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Re: that other thread Elizabeth

Posted by Cam W. on August 15, 2001, at 19:24:14

In reply to that other thread Cam W., posted by Elizabeth on August 15, 2001, at 18:02:02

Elizabeth - I believe that a lot of my tirade against Sal is just me refocusing the anger (fear?) that I have been experiencing, lately. I have said my piece (peace?) and will leave Sal alone, from now on (except to correct obvious mistakes, or to add more information). I'm sure he is a nice, compassionate guy, who just wants to help people. Hey, you can't knock a guy for that!

I hope that you don't mind, but I will answer or explain under your comments.

> > He never refutes that claim, except to say that he has taken all of these drugs (hardly an objective opinion), usually in megadoses, and has access to all of the world's medical journals.
>
> As I'm sure we all realise, "access" doesn't imply reading and understanding.
>
I am not sure that all of the posters and lurkers would understand the implications.
>
> > I feel that his statements are tantamount to the Beatles taking LSD to attain nirvana.
>
> Umm...this was before my time. ?
>
The Beatles went to India(?) to learn from a yogi about life and beyond when they were heavy into LSD. They thought that taking LSD would be a shortcut to nirvana. They found out it wasn't, especially when the yogi tried to sleep with one of the girls that were brought along. In the same light,just having access to all the medical journals in the world does not make one an expert in the field. I was trying to use an analogy, but I still suck when it comes to writing clearly.
>
> > For example, if a person is not sleeping after an adequate trial of olanzapine, ...
>
> I think you're stretching it here. :-)
>
Yeah, I'll give you that one; it was off the top of my head. ;^/
>
> > Switching meds is by far not the first step in modifying most medication regimens.
>
> I think it depends on the situation.
>
I guess that I should have added, "when a psychotropic medication has shown some efficacy", but as a rule, their are no rules, as you state.
>
> > I am not saying that subjective experience is not important; it is extremely important, but this type of information should not be given the same level of import, as longterm, naturalistic studies, until they have been shown that subjective experience can be incorporated into the theory.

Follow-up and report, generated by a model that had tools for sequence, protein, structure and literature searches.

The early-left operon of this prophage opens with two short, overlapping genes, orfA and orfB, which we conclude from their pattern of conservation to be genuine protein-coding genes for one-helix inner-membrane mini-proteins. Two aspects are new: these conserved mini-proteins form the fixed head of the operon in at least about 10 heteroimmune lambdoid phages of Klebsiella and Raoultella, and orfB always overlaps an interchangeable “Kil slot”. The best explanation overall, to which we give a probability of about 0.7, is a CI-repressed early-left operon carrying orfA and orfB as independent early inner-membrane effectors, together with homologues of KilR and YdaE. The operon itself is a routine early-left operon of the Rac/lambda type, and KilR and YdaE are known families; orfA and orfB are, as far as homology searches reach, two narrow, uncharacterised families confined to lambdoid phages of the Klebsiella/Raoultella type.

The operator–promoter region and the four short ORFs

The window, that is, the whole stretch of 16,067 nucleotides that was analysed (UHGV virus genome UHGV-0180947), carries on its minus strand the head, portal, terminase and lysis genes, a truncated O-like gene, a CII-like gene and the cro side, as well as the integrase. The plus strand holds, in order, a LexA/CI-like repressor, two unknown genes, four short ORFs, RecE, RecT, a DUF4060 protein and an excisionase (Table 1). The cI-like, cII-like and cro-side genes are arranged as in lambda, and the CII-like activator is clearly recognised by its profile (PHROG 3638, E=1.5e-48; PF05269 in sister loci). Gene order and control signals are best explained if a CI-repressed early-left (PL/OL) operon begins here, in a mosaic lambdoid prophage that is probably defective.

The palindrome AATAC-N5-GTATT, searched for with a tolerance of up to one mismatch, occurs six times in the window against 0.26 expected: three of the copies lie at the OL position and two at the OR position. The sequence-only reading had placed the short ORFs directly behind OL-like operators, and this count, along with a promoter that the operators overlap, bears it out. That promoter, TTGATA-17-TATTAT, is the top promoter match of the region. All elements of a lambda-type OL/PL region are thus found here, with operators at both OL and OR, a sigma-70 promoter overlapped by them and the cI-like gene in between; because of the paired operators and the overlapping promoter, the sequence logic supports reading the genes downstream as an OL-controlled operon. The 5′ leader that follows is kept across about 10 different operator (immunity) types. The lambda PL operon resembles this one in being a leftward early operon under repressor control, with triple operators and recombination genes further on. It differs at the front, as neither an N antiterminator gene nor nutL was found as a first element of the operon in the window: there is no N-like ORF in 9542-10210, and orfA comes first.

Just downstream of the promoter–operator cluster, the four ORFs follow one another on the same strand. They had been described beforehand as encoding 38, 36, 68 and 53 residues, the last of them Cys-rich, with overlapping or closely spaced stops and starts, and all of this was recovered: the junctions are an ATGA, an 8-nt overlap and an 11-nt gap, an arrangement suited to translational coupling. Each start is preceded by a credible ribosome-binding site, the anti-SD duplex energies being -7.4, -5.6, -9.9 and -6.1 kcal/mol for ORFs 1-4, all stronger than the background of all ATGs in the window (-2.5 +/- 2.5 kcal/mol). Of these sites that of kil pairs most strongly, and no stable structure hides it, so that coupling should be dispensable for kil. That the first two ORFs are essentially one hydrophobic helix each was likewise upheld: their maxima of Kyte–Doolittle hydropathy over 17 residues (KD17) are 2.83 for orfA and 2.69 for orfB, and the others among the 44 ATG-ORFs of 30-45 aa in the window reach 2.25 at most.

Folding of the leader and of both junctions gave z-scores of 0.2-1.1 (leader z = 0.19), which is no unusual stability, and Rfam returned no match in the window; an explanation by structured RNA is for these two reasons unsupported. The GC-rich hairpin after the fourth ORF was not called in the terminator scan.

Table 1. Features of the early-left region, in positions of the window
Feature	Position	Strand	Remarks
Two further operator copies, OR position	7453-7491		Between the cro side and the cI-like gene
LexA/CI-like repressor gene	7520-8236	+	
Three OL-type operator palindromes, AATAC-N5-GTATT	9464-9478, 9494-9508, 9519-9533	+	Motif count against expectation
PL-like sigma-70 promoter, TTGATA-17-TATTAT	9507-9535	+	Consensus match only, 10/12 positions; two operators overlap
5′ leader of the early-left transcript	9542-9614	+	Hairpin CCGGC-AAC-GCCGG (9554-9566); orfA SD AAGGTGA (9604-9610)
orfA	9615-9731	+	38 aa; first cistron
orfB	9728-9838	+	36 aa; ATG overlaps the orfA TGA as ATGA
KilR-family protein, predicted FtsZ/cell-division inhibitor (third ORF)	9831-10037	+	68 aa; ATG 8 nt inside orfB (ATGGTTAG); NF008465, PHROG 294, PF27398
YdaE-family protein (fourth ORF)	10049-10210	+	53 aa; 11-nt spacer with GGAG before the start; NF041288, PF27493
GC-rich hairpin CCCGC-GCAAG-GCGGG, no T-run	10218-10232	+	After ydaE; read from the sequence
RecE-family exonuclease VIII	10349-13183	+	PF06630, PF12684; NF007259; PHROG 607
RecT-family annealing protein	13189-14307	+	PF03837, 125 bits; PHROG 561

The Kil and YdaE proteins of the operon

>
> On the other hand, theories that ignore subjective experience (of the patient, that is) aren't necessarily so meaningful either. I think that objective studies aren't always sufficient (even when subjective evaluations contribute to the results -- e.g., by the use of pseudo-objective rating scales).
>
Subjective experience leads to the objective theory which can be studied using scientific method. I think that you need, as a good base, the objective theory (with it's corresponding studies showing proof), but that base needs to be malleable, so that subjective experience from post-marketing surveillance can be integrated into the theory, when the subjective experience is proven to exist. The delayed weight gain with Paxil or the increase in non-insulin-dependent diabetes with Clozaril or Zyprexa users are examples of subjective experiences that were pooh-poohed because there was no objective information in the literature. In other words, you are right, objective theory is only as good as the studies that confirm it; subjectiveness will always be needed. The posts we answer here are of the subjective nature, where we have to be careful not to read into the case, something that isn't there (hard to do sometimes).
>
> > You cannot ignore Sal's posts, as you ignore a troll.
>
> That's a good point.
>
> > The incident which scared me most was when Sal told a person with schizophrenia to stop his risperidone cold turkey, and that there would be no problems (James called him on that on).
>
> I missed that one, I guess. I agree, though: prescribing (or de-prescribing < g >) is not something that should be going on here.
>
> > Shelli, I was taking it as a personal affront to the 22 years I have been learning this stuff.
>
> I understand. Your knowledge includes knowledge of your limitations; a person without such knowledge might be unaware of his limitations.
>
I shouldn't take his advice as a personal affront, though. He is not crowding my space or anything. I don't feel that I need to mentor him, either. I guess the best bet is to monitor his posts. He will learn what to say, and not to say, as time goes by.
>
> > If he thinks that posting abstracts and links gives him knowledge into psychopharmacology, he is just taking LSD.
>
> This is where you lose me. < g >
>
I was alluding to the analogy of the Beatles, where knowledge and insight come only from hard work, and a lot of reading for understanding.
>
> > We may end up at loggerheads at times, but hey, that's science.
>
> It sure is.
>
Thanks for your comments, Elizabeth.

Sincerely, Cam


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Psycho-Babble Medication | Framed

poster:Cam W. thread:67742
URL: http://www.dr-bob.org/babble/20010814/msgs/75213.html